If there isn't enough time to practice thoughtfully and without hurry, then parents would do well to analyze their family's overall activity schedule to determine where piano practice fits among their other priorities. Music students need to practice at least five to six days a week, and shouldn't plan to "make up for lost time" by doing long practices a few days a week, while skipping practice on the busy days. Slow and steady -- day by day -- is the key!
3b. Does the family's schedule allow for frequent and consistent attendance in the assigned time slot for lessons?
Music students benefit from consistent routines, both in home practice and lesson attendance. An unpredictable or highly variable schedule that necessitates frequent changes in lesson days and times or causes too many missed lessons unfortunately hampers steady progress. If this season of family life is in constant flux, a quieter season may be more conducive to a successful start in piano.
This is a category that deserves more attention than it's often given. There is more to readiness than simply the parental and student characteristics we looked at above. Musical readiness is an important part of the overall picture that can lead to long-term success and joy at the piano.
1. Is the home a music-rich environment?
Prospective piano students who hear music played or sung in their homes, whether recorded or live, have begun to acquire a sense of rhythm with its underlying pulse. They've started to comprehend form in music; they've probably heard expressive qualities put into play -- shapes of melodies, thickness of harmonic texture, qualities of tone. Immersion in a musical home environment prior to instrument study helps make music more understandable to the learner.
2. Does the child have opportunity to explore the physical characteristics of the piano before starting lessons?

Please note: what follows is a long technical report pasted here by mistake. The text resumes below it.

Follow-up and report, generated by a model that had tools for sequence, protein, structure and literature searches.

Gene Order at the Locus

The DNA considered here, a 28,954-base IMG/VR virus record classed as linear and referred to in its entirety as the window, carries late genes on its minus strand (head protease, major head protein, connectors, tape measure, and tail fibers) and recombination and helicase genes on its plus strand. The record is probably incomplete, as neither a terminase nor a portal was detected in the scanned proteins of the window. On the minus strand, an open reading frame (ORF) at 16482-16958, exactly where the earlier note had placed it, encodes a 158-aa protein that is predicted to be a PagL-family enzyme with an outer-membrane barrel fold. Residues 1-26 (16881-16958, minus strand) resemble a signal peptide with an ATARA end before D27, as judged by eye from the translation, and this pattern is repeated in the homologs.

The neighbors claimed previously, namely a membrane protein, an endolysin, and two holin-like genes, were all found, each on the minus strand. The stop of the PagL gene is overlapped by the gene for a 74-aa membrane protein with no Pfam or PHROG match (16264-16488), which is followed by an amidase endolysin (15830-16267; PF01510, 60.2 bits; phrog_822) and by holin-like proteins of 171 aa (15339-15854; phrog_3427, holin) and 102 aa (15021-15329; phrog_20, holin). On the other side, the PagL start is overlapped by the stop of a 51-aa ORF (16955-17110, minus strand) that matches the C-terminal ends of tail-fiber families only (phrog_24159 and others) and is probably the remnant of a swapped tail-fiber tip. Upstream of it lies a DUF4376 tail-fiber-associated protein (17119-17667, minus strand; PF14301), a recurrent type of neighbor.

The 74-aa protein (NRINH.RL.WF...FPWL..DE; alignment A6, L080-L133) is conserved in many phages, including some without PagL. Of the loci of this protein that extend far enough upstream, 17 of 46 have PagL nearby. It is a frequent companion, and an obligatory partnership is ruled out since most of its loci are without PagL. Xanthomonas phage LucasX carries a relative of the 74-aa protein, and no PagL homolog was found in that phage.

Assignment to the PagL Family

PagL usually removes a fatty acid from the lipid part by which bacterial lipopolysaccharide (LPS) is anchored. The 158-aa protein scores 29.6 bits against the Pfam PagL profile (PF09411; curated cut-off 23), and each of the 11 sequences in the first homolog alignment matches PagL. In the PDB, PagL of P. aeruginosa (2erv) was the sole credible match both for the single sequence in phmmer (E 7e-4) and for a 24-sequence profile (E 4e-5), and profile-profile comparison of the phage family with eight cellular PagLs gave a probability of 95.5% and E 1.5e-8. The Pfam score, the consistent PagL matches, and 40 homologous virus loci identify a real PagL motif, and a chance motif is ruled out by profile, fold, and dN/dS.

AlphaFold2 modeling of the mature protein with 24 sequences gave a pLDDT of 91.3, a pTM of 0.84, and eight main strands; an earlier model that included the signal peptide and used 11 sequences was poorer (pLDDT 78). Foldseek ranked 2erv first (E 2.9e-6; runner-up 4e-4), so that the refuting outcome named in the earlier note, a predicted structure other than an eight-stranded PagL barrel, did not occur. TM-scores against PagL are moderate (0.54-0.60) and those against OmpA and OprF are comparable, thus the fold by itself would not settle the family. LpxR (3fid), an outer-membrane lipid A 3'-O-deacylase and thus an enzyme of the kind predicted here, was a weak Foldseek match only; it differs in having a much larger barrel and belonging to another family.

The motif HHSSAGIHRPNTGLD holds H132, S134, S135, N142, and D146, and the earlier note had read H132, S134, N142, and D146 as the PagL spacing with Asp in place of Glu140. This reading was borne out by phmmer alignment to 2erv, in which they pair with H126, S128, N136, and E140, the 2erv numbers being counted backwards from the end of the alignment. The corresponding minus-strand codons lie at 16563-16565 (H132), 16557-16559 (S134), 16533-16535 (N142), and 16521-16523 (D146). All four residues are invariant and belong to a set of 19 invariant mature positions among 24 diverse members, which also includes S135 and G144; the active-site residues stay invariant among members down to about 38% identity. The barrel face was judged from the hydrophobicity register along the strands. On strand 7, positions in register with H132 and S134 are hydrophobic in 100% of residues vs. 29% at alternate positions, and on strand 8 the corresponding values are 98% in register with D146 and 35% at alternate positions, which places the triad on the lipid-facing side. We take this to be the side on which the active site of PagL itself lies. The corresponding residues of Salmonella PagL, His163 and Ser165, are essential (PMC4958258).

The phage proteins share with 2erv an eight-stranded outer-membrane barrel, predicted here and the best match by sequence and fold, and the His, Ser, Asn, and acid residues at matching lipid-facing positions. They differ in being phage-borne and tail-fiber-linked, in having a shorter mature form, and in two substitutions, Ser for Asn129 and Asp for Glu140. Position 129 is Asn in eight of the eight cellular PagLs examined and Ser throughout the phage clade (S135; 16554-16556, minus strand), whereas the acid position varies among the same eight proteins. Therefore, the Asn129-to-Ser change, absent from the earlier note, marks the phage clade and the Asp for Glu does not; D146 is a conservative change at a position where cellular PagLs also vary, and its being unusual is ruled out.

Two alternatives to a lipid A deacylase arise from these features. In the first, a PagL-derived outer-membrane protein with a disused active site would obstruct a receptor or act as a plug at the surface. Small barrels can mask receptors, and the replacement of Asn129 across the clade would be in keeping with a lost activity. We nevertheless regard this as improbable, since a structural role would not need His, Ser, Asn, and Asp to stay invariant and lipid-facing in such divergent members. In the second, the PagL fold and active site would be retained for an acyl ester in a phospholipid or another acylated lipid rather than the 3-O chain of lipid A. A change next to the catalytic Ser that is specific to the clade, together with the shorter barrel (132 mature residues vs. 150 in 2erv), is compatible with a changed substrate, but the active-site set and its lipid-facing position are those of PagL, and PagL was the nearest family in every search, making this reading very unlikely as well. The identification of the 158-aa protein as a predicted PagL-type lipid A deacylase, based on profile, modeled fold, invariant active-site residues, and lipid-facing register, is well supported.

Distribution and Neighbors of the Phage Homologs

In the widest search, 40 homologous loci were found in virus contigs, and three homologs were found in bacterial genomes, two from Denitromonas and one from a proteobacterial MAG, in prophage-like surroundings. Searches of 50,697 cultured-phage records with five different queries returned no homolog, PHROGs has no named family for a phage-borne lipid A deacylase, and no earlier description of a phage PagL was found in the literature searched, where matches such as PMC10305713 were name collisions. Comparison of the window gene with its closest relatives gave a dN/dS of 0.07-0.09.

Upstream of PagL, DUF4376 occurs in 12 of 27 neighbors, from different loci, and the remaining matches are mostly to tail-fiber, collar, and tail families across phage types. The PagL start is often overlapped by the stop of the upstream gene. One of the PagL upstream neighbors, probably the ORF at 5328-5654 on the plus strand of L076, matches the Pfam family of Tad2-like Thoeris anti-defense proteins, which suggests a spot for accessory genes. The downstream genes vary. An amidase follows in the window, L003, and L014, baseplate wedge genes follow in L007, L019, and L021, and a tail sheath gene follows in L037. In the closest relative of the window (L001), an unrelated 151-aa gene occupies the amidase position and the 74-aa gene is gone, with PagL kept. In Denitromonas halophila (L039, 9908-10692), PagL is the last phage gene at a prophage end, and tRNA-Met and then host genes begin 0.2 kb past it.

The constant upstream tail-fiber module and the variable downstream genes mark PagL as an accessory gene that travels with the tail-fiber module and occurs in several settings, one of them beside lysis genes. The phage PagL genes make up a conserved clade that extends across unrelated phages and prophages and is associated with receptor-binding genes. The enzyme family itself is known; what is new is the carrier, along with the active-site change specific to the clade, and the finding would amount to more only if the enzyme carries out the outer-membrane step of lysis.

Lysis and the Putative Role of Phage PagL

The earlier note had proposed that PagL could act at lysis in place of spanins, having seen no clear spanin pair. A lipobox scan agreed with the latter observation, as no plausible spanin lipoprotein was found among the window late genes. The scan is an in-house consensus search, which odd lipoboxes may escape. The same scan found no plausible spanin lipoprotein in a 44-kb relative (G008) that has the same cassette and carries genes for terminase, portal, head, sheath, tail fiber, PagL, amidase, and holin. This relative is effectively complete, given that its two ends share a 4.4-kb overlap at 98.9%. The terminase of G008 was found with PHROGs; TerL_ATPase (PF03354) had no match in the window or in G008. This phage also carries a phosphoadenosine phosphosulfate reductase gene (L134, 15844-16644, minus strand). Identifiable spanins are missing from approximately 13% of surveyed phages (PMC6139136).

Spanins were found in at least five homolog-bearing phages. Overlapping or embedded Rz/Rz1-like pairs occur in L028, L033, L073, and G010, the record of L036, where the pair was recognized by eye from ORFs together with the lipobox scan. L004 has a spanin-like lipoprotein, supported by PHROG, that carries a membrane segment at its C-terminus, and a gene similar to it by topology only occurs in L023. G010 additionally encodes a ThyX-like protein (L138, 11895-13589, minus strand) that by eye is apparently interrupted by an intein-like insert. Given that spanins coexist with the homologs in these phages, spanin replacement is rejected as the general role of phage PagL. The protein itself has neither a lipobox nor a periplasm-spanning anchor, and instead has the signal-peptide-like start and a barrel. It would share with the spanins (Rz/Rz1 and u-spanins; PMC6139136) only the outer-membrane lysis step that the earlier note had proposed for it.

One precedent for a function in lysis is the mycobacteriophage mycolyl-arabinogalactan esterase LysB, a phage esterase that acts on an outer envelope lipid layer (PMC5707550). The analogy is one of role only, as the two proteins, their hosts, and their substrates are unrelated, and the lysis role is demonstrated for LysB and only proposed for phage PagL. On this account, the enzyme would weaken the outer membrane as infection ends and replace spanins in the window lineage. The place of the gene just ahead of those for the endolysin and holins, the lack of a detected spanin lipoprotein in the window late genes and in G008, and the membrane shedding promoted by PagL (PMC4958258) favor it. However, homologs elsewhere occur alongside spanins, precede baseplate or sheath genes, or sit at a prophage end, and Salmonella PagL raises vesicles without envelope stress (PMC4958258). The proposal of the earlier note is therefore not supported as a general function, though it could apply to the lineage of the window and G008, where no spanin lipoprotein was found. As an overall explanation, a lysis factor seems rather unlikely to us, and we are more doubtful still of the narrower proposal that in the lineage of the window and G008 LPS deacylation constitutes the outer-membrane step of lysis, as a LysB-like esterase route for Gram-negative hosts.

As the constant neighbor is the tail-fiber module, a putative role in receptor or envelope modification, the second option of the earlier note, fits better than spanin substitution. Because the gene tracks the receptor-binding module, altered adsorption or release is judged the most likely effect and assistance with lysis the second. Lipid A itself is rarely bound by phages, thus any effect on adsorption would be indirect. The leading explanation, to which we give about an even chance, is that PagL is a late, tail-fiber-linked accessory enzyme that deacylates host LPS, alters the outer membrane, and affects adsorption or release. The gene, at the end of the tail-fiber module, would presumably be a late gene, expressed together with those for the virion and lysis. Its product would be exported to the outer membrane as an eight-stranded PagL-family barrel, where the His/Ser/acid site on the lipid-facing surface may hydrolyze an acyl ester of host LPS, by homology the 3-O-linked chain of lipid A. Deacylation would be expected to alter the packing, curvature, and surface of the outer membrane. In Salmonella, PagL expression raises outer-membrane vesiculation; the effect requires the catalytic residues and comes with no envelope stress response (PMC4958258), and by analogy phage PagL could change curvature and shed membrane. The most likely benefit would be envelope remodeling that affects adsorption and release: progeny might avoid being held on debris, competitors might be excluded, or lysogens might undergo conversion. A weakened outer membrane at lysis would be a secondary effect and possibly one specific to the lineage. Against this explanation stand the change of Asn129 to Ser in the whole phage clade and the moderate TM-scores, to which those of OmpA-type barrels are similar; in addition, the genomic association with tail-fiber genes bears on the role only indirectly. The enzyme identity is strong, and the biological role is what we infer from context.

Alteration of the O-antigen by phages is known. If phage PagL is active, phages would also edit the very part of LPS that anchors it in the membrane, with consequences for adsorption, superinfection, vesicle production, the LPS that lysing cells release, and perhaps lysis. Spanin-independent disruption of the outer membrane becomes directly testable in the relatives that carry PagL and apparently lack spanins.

I've written about this previously, but it bears repeating: music is a language, and is learned effectively when approached in the way a hearing person learns spoken language. First comes listening, and then speaking. (Speaking the language of music means playing just to play, without interpreting a musical score.) Reading and writing come later.
Any individual desiring to study piano is better prepared for the first and future lessons if he/she already listens to music and has access to a piano and the freedom to play it. A background of listening and playing before starting lessons means there are fewer new elements to absorb in the early lessons. The keyboard geography (arrangement of black and white keys), the feel of the keys under the fingers, and the sound of one's practice instrument are all familiar already, to name just a few benefits.
Putting It All Together
I posed many questions above. Do they all need to be answered "yes" before beginning piano lessons? You may breathe a sigh of relief -- no!
Piano lessons themselves are sometimes the means by which children develop maturity. For example, students who begin piano while weak in maintaining routines without reminders may become more independent, diligent workers in various areas of life by virtue of their sitting down to practice the piano each day.
Therefore, a parent doesn't need to answer yes to all these questions, because some of the "no" answers might develop into "yes" after children take up the discipline of regular piano practice!
That said, though, being able to answer many of the questions with a "yes" is a strong benefit, musically speaking. Learning piano will go more smoothly when most of these considerations are already in place.
Is it time to begin piano lessons? If you're reading this post, it very well could be! If you have any questions at all about assessing or developing your children's readiness for piano lessons, feel free to ask in the comments section or contact me with your thoughts.
The gift of music lasts a lifetime. Here's to beginning the journey with a strong start!